Russia launches airstrikes against ISIS in Syria; US promptly freaks out. That's the story in the Washington Post this morning. One particularly fun quote within is when John Kerry says he considers the airstrikes to be "not helpful." This is a bit strange since we've also been using airstrikes (or cruise missiles) in Syria, against ISIS and Al-Qaeda, since last September. But coincidentally, John Kerry is probably right. They weren't real helpful when we did it and there's no reason to think Russia will have much more success.
Here's the story. I've also given some more context below because the
discussion in this article leaves a lot to be desired.
The obvious question here is why? If Russia and the US share a common goal
of defeating IS (and Al-Qaeda though they get less press), why are we possibly
upset that they want to share the load? The reason, in my view, is simply
public relations. Starting in late 2011, the official position of the US has
been that President Bashar al-Assad must go. This decision was made in the
context of the rising Arab Spring, at a time when the US was emerging as the
clear villain in that narrative. You may recall that there were massive, highly
publicized protests in Egypt against their US-backed dictator back then, and
the US kind of stayed on the fence while it proceeded. Additionally, some of
the protests were violently suppressed by the government with tear gas, and
wouldn’t you know it, the tear gas canisters said “Made in the USA” right on
them. It was poetic and tragic, and really, really bad press.
Anyway, Syria presented a chance for the US to be unambiguously on the side of
“the people” instead of a dictator for a change since Assad was never a close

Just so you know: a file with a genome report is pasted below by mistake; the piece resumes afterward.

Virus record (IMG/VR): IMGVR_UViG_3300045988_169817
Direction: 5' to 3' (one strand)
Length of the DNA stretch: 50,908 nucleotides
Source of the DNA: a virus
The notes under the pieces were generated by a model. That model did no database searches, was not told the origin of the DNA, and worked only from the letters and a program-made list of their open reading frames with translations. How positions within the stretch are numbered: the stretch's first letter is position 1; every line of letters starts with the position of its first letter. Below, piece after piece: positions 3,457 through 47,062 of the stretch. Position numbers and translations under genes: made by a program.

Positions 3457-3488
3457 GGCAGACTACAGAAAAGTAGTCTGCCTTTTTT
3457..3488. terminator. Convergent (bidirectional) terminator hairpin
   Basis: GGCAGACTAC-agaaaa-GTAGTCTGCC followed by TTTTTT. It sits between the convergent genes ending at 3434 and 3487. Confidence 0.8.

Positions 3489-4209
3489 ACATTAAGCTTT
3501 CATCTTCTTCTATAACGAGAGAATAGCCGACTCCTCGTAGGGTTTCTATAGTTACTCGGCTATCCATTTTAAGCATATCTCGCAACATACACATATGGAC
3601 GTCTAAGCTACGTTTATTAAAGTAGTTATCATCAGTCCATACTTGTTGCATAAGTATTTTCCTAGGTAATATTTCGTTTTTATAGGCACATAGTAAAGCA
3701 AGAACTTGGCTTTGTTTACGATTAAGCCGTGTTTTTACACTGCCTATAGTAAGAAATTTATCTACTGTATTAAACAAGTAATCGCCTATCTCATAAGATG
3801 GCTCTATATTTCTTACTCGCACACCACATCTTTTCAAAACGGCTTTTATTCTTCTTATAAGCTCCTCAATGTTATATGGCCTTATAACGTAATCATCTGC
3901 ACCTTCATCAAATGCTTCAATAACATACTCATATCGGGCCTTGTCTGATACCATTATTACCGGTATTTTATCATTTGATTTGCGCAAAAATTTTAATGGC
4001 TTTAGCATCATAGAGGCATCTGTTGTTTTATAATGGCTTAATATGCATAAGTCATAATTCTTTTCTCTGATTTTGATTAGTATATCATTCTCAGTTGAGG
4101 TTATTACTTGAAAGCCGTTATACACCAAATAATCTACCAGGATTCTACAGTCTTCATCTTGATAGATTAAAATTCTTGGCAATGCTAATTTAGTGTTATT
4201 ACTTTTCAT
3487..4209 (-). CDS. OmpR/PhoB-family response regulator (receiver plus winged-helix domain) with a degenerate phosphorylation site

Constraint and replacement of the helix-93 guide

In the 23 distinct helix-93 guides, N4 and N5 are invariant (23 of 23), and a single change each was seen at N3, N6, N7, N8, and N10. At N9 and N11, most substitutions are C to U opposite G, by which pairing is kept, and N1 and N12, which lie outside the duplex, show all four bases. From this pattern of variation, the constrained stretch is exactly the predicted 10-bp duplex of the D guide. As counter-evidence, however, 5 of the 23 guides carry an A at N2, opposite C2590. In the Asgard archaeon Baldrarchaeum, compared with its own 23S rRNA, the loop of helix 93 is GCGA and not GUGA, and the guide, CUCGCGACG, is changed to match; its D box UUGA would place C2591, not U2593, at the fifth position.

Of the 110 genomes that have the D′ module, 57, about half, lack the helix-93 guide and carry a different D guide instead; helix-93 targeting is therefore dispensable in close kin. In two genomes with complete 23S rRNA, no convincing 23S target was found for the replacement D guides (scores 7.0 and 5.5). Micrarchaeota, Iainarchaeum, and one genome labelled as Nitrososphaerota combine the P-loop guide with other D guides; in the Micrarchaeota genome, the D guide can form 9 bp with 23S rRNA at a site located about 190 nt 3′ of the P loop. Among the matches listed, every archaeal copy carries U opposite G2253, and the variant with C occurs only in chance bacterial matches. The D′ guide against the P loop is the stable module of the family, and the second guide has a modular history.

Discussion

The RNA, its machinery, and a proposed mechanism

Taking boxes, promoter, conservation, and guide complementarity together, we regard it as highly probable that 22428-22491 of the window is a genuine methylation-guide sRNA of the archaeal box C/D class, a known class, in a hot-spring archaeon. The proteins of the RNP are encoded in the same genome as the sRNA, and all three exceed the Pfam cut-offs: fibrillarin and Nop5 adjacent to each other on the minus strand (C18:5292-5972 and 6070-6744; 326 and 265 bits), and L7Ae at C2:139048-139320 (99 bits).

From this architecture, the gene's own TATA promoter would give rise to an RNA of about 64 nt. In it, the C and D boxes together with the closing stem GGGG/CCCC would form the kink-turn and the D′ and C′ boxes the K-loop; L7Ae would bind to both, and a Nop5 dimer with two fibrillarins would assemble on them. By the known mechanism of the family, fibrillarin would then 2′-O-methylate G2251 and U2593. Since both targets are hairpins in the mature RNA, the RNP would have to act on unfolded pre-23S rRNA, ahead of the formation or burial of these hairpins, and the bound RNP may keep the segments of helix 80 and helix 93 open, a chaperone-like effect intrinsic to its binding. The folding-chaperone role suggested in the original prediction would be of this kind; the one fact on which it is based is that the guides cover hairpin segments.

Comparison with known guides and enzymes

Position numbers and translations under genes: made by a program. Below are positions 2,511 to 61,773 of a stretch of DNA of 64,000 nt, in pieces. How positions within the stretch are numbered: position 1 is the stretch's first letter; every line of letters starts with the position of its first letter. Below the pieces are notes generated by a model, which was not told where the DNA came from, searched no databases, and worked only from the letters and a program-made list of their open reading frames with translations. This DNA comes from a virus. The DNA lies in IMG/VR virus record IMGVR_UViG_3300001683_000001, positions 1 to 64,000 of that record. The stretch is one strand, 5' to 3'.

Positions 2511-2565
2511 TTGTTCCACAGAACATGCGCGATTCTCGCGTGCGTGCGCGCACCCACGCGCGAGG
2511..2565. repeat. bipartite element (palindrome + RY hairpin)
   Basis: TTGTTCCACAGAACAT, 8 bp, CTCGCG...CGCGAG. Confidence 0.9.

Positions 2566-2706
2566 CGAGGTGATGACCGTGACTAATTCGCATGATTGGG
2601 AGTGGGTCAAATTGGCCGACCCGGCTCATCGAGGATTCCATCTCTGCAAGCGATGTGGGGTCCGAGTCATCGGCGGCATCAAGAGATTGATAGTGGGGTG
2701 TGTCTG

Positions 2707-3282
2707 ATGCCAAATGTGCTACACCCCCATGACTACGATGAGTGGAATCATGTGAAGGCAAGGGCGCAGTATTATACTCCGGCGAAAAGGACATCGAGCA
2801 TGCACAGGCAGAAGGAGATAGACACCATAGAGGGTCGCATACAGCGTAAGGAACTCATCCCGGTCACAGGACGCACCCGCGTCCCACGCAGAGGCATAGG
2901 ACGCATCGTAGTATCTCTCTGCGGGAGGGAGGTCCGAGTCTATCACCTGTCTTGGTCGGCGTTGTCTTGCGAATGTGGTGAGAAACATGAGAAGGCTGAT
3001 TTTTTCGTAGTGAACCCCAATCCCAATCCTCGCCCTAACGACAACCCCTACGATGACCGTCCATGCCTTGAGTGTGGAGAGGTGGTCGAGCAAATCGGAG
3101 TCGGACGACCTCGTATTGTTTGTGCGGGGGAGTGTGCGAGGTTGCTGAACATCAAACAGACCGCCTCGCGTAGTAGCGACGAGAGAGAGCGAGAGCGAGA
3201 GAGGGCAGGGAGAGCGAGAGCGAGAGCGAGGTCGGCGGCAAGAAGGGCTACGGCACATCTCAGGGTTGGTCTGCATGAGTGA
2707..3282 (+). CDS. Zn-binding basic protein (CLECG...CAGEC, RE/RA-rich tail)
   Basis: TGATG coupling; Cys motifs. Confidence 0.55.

ally of ours. (And in fact, Assad was allied with Russia and Iran, which means
opposing him was kind of a political slam dunk for a Democratic president
that’s constantly being heckled for not being strong on national security,
whatever that means.) So we opposed Assad and indirectly backed some of the
extremist factions against him. That’s part of the story of how the civil war
got to where it is today. Now, whatever moderate elements once existed in
Syrian society have been pretty much wiped out, and we’re left with a
stalemated 4(ish)-way civil war between the Syrian government, ISIS, Al-Qaeda
(also called Al-Nusra), and the Kurds* in the north. And while no one thinks
Assad is a good guy, the fall of the Syrian government would give even more power
and influence to ISIS and Al-Qaeda. Even our Kurdish allies in Syria fully
acknowledge that the collapse of Assad would be a disaster right now, but the
US is unwilling to publicly change its stance. That’s what this particular spat
between Russia and the US is about. Russia is attacking ISIS and Al-Qaeda with
the explicit aim of bolstering the Syrian government in the short-run, and the
US remains committed to a policy of opposing three parties of the civil war
simultaneously (the government, ISIS, and Al-Qaeda), no matter how unreasonable
or unsuccessful that has proved.
This interview with the leader of Syrian Kurds is invaluable reading for
getting a local perspective on the regime change question and the general
hopelessness of the situation:
*The Kurds are a different ethnic group that’s
present primarily in parts of Iran, Iraq, Syria, and Turkey. Some of them have
long ties to the US, mostly because we helped support the Iraqi Kurds in 90s
against repression from Saddam. Thus, they were a natural choice in the battle
against ISIS, and they have been our most effective partners on the ground.
That said, they are a small minority in all of the states I mentioned above and
so they aren’t a viable option for say, replacing Assad in Syria.